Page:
Offsite Gallery December 2 – January 12, 2024
Save the date: January 6 for Finn’s Art Talk and Demo at our Offsite Gallery at MacArthur Center. Free and open to the public.
Wikipedia defines a foreign body as “any object originating outside the body of an organism; in machinery, it can mean any unwanted intruding object.” As the daughter of immigrants who came to the United States before she was born, she has seen all her life how she’s perceived as a foreigner when she visits her “homeland” of the Philippines, and she has even been perceived as a foreigner here in America where she was born and raised.
By combining indigenous Filipino materials such as piña cloth, sinamay, and capiz shells with the paint and mixed media materials she’s used for decades, Finn explores her experiences as a Filipina-American, unearthing the generational scars of colonization and assimilation, and existing as a visual artist in a community that doesn’t always understand or value this work. The tactile nature of the materials enables both Finn and viewers to meditate on the intricate push and pull between heritage and identity, and the complex dynamics of acceptance and rejection within the tapestry of our cultures and communities. Her heavily textured works give a voice to the nuanced stories of those who find themselves caught between cultures and trying to make sense of both the need to belong and the need to be authentic.
Finn’s artwork invites the viewer to explore the ever-shifting boundaries of culture and the profound impact of acceptance and rejection on one’s sense of self. It is a reminder that while cultural clashes may challenge our identity and belonging, they also give rise to new forms of expression, resilience, and empowerment. Through her work, she hopes to inspire dialogues about the complex weavings of heritage, identity, and self-determination, and the enduring power of cultural narratives in shaping our lives and our sense of belonging within a diverse and evolving world.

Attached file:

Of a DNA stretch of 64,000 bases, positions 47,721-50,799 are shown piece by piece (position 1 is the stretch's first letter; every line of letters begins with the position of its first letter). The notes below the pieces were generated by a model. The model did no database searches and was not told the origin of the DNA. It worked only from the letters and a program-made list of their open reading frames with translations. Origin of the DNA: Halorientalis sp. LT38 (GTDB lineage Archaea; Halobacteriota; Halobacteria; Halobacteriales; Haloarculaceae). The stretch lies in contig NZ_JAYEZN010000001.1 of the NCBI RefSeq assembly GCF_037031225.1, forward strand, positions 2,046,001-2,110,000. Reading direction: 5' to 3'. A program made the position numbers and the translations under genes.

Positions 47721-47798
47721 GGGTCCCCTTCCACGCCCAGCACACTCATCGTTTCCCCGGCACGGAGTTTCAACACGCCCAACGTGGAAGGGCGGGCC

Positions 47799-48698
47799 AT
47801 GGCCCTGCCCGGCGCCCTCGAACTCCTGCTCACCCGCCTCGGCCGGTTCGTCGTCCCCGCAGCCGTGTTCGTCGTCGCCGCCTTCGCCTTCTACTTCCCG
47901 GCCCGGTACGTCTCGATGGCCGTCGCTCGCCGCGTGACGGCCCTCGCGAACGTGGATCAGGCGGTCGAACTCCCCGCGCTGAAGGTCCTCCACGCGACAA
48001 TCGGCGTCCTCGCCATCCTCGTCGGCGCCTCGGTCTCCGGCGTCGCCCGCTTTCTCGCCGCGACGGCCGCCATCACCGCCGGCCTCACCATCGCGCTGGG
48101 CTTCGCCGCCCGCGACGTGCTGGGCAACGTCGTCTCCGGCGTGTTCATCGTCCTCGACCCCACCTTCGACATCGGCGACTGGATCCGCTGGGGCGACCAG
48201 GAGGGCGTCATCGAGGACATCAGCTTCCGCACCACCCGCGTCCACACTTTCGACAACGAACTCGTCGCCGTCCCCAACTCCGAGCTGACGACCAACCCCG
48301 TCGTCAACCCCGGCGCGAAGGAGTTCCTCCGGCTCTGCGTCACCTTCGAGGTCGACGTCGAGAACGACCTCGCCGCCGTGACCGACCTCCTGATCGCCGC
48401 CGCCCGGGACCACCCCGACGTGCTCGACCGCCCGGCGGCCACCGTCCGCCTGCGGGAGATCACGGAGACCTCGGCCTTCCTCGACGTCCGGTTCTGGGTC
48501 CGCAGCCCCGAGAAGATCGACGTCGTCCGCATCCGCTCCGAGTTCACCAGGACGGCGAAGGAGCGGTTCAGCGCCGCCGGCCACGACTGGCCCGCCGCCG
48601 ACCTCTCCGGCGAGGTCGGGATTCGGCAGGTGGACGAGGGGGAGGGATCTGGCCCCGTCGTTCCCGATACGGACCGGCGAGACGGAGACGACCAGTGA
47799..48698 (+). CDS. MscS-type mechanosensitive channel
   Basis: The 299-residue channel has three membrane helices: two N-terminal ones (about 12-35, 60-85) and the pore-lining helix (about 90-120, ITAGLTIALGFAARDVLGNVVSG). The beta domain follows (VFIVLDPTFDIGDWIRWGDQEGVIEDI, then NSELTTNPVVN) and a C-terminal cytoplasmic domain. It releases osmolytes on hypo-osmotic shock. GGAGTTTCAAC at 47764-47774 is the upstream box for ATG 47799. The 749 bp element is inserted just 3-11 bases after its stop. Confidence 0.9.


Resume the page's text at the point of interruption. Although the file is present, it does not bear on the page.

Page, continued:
Rowena Federico Finn is an award-winning artist whose works have been shown in regional, statewide, and national juried exhibitions for over thirty years. She has taught classes and workshops for various regional arts organizations for over a decade, including the Governor’s School for the Arts and the Chrysler Museum. Her artwork and activism are deeply entwined, and her volunteer work deeply informs the direction of her art and teaching. A passionate and dedicated activist for the rights and needs of underrepresented communities, she is a member of the WHRO Community Advisory Board, and has served on the Virginia Asian Advisory Board, The Virginia Art Education Association’s DEIA Committee, and the VBCPS Equity Council. Rowena resides in Virginia Beach, VA with her talented, loving, supportive husband and three creative and inspiring kids.